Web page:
Entering the Israelite gate at Hazor

Entering the Israelite gate at Hazor

Forty-eight friends and supporters of the Baptists Today news journal are touring Israel and the West Bank for the next few days, enjoying the wonders of the land as well as the joy of making new friends.

Some greeted the morning by watching the sun rise over the Sea of Galilee from our hotel at Nof Ginosar, but the day began in earnest at the ancient city of Hazor, where our bus was the only one in the parking lot and we had the rich tel to ourselves.

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Bill Self, a retired judge from Macon, Ga., sits on the platform that would have held the judge’s seat.

From Hazor we travelled to Dan, so close to the northern border that when biblical writers wanted to speak of the entire country they would say “from Dan to Beersheba,” with Beersheba being the southernmost city. We hiked along the Dan river through a nature reserve to view the remains of the infamous temple Jereboam had built after the nation split into northern and southern kingdoms, then stopped by the mudbrick gate to the old Canaanite city before examining the sturdier four-chambered gate built by the Israelites, where low benches along the wall and a raised platform for a “judge’s seat” marked the place where justice was dispensed, either by the king or by city elders.

The Greek god Pan was worshiped in a temple at Banyas, near Caesarea Philippi.

The Greek god Pan was worshiped in a temple at Banyas, near Caesarea Philippi.

Dan is a skip and a jump from the city of Caesaria Philippi, which was built near the fresh and abundant springs flowing from beneath the rocky hill at Panyas, where frenetic worship of the god Pan was once played out against the stark backdrop of a steep cliff over a grotto filled with water. A severe earthquake in 749 C.E. shifted the spring to a different outlet, leaving the grotto dry. Temples to a variety of Greek deities were built against the face of the cliff, with niches cut out for images of the gods.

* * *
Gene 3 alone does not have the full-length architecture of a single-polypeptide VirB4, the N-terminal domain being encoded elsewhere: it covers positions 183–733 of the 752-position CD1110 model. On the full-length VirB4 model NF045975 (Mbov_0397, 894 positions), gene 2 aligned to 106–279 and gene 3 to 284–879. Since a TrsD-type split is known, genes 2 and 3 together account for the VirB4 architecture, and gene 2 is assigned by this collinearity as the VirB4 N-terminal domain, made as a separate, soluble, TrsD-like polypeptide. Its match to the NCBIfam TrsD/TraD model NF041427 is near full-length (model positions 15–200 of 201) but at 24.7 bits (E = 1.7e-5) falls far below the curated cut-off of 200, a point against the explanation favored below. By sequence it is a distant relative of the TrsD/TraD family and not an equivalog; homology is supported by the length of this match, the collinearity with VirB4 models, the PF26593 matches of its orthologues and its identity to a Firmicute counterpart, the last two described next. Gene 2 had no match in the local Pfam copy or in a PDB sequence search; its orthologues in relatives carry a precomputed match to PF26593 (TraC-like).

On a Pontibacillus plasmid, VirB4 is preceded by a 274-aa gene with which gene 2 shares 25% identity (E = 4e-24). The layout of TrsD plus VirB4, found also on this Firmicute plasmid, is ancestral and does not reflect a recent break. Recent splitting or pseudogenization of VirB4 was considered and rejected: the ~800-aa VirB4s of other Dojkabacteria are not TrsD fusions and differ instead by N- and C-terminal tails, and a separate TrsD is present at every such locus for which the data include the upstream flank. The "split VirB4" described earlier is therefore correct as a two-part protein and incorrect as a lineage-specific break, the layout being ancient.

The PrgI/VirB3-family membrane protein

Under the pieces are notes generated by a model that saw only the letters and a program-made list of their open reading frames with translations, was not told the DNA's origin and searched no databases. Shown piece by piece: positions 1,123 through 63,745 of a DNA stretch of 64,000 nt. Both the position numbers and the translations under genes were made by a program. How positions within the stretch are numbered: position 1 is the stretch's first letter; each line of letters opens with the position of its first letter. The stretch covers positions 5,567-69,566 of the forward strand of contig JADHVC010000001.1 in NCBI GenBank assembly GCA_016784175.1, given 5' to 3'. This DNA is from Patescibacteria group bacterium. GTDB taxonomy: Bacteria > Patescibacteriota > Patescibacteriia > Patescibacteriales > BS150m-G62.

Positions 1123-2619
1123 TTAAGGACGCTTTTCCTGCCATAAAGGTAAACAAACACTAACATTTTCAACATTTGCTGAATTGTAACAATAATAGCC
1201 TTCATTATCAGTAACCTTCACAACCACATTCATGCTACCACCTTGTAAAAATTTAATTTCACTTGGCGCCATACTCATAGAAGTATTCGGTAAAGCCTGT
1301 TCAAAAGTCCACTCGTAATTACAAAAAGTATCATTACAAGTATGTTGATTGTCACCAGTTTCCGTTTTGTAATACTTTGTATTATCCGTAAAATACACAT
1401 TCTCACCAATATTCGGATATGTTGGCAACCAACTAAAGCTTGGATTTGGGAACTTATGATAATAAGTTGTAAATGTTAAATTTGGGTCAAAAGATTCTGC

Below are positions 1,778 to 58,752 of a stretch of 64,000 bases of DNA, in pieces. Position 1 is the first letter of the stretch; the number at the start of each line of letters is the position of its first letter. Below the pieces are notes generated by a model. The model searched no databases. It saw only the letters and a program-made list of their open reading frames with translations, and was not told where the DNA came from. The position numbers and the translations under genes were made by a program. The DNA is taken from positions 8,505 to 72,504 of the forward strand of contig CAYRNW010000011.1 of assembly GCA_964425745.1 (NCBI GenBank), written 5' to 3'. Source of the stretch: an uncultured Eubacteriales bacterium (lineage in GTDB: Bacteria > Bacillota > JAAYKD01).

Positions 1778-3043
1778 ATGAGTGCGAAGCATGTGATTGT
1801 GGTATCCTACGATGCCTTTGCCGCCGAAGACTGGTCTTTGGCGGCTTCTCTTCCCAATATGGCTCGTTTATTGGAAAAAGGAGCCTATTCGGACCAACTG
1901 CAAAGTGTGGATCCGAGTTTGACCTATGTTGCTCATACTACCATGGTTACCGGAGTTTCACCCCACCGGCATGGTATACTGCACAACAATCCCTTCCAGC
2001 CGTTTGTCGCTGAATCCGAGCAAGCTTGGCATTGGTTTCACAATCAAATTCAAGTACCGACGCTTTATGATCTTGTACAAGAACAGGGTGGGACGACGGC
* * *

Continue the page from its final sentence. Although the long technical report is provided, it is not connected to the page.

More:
Goat cheese pita at Berkat Ram restaurant in Ma'asada.

Goat cheese pita at Berkat Ram restaurant in Ma’asada.

A steep and narrow road took us into the Golan Heights, where we enjoyed falafel or schnitzel sandwiches along with “Druze pita” made from fresh goat cheese with olive oil and a blend of spices. A lady next door sold honey, jams, and fruit, including fresh-squeezed pomegranate juice, which was amazing.

Near the border with Syria: yellow flags warn against the danger of explosive land mines.

Near the border with Syria: yellow flags warn against the danger of explosive land mines.

From Dan we had been able to see into the country of Lebanon: from the Golan we could look into Syria from a memorial overlooking what Israelis call the “Valley of Tears” in memory of a fierce battle during the Yom Kippur war of 1973. Rusting tanks from both Syria and Israel mark the site, along with trees planted in memory of Israeli soldiers who died there.

Baptists Today editor Johnny Pierce talks with young Israeli soldiers on patrol near the border with Syria.

Baptists Today editor Johnny Pierce talks with young Israeli soldiers on patrol near the border with Syria.

The end of the day’s bus ride brought us to an Arabic supermarket for a few needed items — and some not really needed. Supermarkets in other countries are always fascinating: much that is familiar; much that is different.

Back at the hotel, dinner featured goose wings and beef tongue among many less exotic entrees: both were delicious, though the tongue was more tender than expected, and the goose more tough.

A day in northern Galilee reminded us all of the many conflicts in the area — some millennia old and still continuing — led us to ponder the long hope for peace in a strife-torn world, and not just in this sacred corner of the God’s green earth.

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